Atmaezer Hariara SimanjuntakAtmaezer Simanjuntak (Ara), Arryman Fellow, graduated cum laude from Universitas Gadjah Mada’s Department of Anthropology in 2017. Focusing on Dayaknese environmental history, his bachelor’s thesis was entitled "The Fall of Our Totem: Palm Oil Plantation and the Waning of Religiosity in West Kalimantan". A version of his thesis was published as a journal article and has been presented in national and international seminars. Since graduating, Ara has worked as a research consultant for private and public sectors, as well as a teaching assistant at his alma mater. His research interests cover a wide range of issues: ethics of resource access, human ecology, cultural boundaries, and cognitive anthropology. At Northwestern, Ara intends to pursue his doctorate in the Department of Anthropology, where he will explore the intersection of ecological conflict and the production of knowledge and value.
Bambang TrihadmojoBambang Trihadmojo (Bams), Arryman Fellow, was awarded an MSc in Social Psychology from Lancaster University, United Kingdom, and a BA in Psychology from Universitas Muhammadiyah Malang, Indonesia. His masters dissertation examined the behavioral intent of individuals to clear land thru burning. His masters was funded by the Indonesian Endowment Fund for Education (LPDP). After completing his study, Bambang worked as a researcher at Center for International Forestry Research (CIFOR) and served as a guest lecturer at Universitas Lambung Mangkurat and Muhammadiyah Malang, Indonesia. His work spans from human dimensions of transboundary haze to human migration. Beyond that, Bambang has developed a longstanding interest in environmental behavior, environmental justice, and landscape governance. At Northwestern University, he will be part of the Department of Sociology and conduct studies pertaining to environmental policy in Southeast Asia and Latin America along with its implications for distributional justice.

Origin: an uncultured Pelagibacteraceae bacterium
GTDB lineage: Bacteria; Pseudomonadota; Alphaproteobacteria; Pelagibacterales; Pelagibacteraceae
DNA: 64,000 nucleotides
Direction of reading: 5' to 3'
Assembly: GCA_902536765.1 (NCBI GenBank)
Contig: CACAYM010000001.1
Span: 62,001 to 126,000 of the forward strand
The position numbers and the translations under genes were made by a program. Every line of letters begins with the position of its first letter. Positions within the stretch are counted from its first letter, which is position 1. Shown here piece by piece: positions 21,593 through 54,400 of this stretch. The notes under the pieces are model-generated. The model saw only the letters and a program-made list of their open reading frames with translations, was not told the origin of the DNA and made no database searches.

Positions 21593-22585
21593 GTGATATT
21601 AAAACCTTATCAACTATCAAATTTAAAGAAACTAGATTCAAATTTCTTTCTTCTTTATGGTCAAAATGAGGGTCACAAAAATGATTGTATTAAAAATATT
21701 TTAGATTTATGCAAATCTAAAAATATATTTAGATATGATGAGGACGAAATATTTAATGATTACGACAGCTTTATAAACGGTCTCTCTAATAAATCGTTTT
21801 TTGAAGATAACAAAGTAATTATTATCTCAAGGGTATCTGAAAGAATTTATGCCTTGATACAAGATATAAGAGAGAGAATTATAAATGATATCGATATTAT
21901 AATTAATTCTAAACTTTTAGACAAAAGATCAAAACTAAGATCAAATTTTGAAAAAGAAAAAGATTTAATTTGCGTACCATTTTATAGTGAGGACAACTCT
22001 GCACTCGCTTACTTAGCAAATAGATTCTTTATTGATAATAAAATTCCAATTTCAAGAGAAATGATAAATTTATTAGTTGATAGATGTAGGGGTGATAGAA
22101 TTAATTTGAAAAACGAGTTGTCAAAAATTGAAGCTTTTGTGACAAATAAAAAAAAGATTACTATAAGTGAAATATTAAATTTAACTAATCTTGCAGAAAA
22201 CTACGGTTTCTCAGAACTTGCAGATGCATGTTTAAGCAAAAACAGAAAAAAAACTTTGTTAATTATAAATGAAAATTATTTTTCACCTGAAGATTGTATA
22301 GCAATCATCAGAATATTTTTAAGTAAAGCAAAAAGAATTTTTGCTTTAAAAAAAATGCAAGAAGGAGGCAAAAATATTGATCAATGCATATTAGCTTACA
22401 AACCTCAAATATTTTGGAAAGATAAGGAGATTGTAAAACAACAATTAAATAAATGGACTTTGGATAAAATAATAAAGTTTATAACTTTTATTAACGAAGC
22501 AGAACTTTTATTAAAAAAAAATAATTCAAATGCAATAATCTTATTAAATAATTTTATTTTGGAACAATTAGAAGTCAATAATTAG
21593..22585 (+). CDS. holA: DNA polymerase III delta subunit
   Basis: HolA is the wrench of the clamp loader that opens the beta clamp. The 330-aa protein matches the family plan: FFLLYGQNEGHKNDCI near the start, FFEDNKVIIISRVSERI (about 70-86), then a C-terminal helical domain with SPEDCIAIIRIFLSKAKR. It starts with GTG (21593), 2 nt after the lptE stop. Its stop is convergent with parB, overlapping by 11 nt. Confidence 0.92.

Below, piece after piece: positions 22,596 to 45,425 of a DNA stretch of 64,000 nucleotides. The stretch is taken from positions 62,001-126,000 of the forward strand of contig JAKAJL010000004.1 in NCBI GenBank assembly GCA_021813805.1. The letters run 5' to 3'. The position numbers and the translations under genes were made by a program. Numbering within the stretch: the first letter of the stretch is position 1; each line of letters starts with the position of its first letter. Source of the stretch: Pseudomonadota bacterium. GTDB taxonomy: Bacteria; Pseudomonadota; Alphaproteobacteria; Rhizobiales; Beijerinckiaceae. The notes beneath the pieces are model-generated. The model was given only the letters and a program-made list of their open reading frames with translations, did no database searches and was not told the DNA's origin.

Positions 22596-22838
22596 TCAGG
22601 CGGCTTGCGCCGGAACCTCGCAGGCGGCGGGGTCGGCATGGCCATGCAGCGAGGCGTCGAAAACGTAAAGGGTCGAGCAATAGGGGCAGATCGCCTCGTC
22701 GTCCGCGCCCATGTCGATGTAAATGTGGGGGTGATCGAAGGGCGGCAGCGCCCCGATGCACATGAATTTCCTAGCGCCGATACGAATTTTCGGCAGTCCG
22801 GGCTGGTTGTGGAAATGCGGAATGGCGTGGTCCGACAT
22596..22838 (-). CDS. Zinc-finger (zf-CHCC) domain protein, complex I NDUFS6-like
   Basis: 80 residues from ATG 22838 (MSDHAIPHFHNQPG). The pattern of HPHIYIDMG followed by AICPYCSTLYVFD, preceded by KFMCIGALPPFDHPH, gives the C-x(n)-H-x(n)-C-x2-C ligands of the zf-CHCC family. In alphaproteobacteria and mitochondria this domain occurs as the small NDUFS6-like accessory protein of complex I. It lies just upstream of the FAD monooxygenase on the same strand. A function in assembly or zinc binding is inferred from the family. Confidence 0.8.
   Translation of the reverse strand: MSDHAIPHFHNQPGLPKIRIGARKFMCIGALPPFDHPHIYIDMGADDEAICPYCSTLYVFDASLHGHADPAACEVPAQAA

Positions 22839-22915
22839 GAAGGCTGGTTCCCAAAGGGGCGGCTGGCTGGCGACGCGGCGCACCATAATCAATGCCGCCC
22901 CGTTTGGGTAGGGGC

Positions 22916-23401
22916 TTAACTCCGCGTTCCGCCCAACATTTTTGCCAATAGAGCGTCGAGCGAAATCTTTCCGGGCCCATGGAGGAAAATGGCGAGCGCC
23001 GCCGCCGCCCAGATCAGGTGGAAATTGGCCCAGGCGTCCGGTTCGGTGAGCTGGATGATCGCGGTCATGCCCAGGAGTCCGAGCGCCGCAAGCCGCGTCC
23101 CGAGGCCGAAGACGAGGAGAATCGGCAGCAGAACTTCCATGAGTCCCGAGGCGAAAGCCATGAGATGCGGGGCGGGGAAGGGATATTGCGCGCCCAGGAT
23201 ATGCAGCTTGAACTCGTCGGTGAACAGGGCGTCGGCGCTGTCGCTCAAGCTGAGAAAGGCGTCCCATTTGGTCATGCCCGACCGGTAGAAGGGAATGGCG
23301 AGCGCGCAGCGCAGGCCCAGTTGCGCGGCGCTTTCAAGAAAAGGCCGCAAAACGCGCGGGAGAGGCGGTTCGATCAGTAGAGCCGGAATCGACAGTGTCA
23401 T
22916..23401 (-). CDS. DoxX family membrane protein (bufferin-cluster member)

Ayu YolandasariAyu Yolandasari, Arryman Fellow, completed her bachelor degree in psychology at the University of Indonesia in 2013. Focusing on the issues of gender-based violence, her undergraduate thesis was entitled “The Comparison of Rape Myth Acceptance between Parents of Young Adulthood Daughter and Police in Women and Children Service Unit in Jakarta and the Surrounding Areas”. Since graduating, she has worked for NGOs on the issues of gender, sexuality, and violence for two years. Afterward, she was awarded a scholarship from Ewha Woman's University, South Korea, to continue her education in the Women’s Studies Department. In 2018, she graduated with her thesis entitled “(Un)Veiling the Muslim Feminists in Jakarta, Indonesia: The Destabilization of Veil Symbolism Through the Experience of the Former Tarbiyah’s Women Activists”. At Northwestern, Ayu will join the Department of History and conduct research on issues of polygamy.